I noticed that both Stephen Hawking and Bill Bryson wrote a ‘history’, and I was wondering, judging by these titles, do cosmologists see themselves as historians, in a way, of space and time? 

Stephen Hawking’s book came first, and I’m sure that Bill Bryson very intentionally named his book to resemble it, but they’re very different books. Bill Bryson is not a physicist, and he makes a very big point of that: most of his books are travel writing, but he’s also written on the history of the English language, the British Isles, things like that.

What I really liked about A Short History of Nearly Everything is that it gives an excellent account of a lot of the personalities, and the interconnectedness of important discoveries, in cosmology and elsewhere. He does such a great job of bringing together our understanding of cosmology, evolution, palaeontology, and geology in a very, very fluid way. He talks a lot about our understanding of how old the Earth is, and the relationship of that to how old the sun or the universe as a whole is, and those are cosmological questions. The Earth’s age is important if you want to know if there has been enough time for human beings to evolve or if you want to understand when and how the dinosaurs went extinct – everything interrelates. He tells a really nice story, intertwining seemingly disparate areas, putting our cosmological understanding into context.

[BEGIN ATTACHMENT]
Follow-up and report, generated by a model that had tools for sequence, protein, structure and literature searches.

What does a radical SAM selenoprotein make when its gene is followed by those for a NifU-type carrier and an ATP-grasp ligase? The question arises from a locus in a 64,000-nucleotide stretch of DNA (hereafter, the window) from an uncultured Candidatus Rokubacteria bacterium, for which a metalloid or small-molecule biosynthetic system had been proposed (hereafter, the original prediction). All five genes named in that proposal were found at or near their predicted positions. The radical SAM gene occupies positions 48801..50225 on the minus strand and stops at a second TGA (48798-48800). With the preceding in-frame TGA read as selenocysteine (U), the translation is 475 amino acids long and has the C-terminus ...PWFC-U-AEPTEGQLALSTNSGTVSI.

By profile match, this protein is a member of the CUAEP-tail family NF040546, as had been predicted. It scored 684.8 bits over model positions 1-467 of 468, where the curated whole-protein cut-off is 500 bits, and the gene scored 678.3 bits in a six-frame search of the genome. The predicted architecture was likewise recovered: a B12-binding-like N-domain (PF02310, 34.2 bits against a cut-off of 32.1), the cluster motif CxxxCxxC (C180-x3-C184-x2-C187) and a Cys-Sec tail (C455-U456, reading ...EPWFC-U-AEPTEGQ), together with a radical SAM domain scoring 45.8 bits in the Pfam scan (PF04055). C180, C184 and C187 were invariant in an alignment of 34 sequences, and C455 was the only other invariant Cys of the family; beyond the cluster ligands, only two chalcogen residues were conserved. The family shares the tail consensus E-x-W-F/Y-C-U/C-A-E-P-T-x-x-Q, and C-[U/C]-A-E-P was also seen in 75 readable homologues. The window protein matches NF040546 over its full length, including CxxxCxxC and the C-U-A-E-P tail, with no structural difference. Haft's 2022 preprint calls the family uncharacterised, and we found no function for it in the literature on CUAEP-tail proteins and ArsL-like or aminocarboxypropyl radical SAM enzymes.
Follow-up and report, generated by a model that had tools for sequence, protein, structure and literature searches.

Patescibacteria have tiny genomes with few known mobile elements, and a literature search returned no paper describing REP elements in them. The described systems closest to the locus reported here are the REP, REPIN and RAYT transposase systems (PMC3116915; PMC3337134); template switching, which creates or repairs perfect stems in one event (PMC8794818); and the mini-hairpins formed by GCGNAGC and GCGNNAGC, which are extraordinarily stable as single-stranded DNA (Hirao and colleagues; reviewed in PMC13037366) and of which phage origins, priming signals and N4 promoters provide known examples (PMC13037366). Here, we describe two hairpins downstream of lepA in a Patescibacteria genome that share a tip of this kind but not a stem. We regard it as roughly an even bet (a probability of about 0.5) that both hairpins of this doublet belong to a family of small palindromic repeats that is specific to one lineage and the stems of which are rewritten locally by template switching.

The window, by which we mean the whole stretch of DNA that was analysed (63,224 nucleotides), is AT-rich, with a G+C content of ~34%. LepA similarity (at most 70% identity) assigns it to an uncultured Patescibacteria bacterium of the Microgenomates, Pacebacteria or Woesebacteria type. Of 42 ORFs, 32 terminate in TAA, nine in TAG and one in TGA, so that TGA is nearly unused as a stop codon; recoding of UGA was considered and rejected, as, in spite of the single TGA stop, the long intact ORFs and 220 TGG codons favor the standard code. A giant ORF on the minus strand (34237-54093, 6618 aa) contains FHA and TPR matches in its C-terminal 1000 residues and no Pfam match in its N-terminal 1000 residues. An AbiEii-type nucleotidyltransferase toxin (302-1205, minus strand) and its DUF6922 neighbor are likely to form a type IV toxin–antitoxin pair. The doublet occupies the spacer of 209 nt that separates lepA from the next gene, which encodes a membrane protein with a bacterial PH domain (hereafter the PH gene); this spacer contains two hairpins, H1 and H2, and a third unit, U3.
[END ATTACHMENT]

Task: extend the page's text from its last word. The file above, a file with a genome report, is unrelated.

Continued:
I can’t help but think of the ‘theory of everything’ – meant to connect all the laws of physics, a theory that so many physicists are searching for – when I look at the way he seems to be uniting all these different fields, and also at the title: A Short History of Nearly Everything.